"Either party may demand in writing arbitration of all claims, disputes or questions of this Contract or breach thereof in accordance with the prevailing rules of the American Arbitration Association, within reasonable time before the date legal proceedings would be barred by applicable statute of limitations, and judgment upon the award rendered by the arbitrators shall be final and may be entered in any court having jurisdiction thereof."
Based on this arbitration clause, Johnston filed and served a written demand for arbitration with the American Arbitration Association on April 4, 1996. On that same day, Johnston filed a motion to compel arbitration and stay the third-party claims against it pursuant to section 2(a) of the Illinois Uniform Arbitration Act (the Act) (710 ILCS 5/2(a) (West 1994)).
Plaintiff, the Zale defendants, and W.A. Anderson Construction Company opposed Johnston's motion, relying on the decision in Vicik. The Vicik court held that the policy favoring arbitration may give way to competing policies favoring joinder of claims in light of the following factors: decreased delay, complexity and costs, resolution of common issues in a single forum, desirability of consistent results, and prejudicing or affecting parties who did not execute an arbitration agreement. 288 Ill. App. 3d at 806. The Zale defendants argued that Johnston's motion should be denied because the "issues in this case are inextricably intertwined, intermingled and dependent upon each other such that the issues raised in count VII cannot be severed."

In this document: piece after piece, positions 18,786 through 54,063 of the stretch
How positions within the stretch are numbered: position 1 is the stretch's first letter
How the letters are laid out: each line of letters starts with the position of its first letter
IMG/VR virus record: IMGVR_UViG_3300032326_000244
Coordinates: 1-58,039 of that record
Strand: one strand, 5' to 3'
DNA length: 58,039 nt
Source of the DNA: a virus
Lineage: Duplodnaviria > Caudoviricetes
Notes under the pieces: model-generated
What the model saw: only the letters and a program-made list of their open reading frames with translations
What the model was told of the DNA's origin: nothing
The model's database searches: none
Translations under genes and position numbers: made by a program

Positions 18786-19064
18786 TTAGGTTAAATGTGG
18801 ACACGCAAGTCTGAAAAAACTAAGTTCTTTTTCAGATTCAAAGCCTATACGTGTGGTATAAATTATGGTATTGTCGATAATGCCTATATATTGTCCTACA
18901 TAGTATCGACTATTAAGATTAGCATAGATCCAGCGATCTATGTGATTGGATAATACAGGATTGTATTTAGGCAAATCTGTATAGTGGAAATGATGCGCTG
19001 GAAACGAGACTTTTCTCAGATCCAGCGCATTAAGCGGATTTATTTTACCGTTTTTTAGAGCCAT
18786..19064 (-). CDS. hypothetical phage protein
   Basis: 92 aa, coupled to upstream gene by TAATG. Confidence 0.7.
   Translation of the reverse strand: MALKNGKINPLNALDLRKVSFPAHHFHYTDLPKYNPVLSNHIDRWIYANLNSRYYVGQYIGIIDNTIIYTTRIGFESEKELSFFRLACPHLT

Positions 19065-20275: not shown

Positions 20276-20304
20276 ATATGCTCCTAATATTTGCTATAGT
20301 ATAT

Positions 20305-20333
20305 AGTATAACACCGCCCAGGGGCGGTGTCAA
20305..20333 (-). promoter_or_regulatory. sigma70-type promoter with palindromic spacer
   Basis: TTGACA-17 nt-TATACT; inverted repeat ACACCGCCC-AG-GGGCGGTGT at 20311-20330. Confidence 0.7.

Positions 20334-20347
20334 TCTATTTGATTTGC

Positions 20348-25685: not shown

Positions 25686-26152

Johnston responded by stating that since there was no dispute as to the agreement to arbitrate, its motion should be granted. Johnston argued that the trial court should not apply the Vicik analysis because Vicik has been criticized by Illinois courts. Johnston further argued that the public policy considerations enumerated in Vicik were insufficient to override the general rule in Illinois that arbitration agreements in multiparty proceedings should be enforced.
On June 11, 1996, the trial court denied Johnston's motion based on the reasoning in Vicik. While recognizing the validity of the arbitration agreement, the trial court nonetheless found that the "problems would be enormous" if it were to allow arbitration to proceed either before or during litigation of the underlying action. The court stated that inconsistent results "might prejudice various other parties in this litigation. And prejudice is one of the factors that the court is considering here in relying on its ruling." On appeal, the appellate court affirmed the trial court. The court applied the Vicik factors and concluded that prejudices and inequities might result if the court compelled arbitration in this case. 288 Ill. App. 3d at 806-07.
Johnston argues that the trial court erred in denying arbitration once the court found that a valid arbitration agreement existed. Johnston bases this argument upon section 2(a) of the Act, which provides:
"On application of a party showing an [arbitration] agreement ***, and the opposing party's refusal to arbitrate, the court shall order the parties to proceed with arbitration, but if the opposing party denies the existence of the agreement to arbitrate, the court shall proceed summarily to the determination of the issue so raised and shall order arbitration if found ...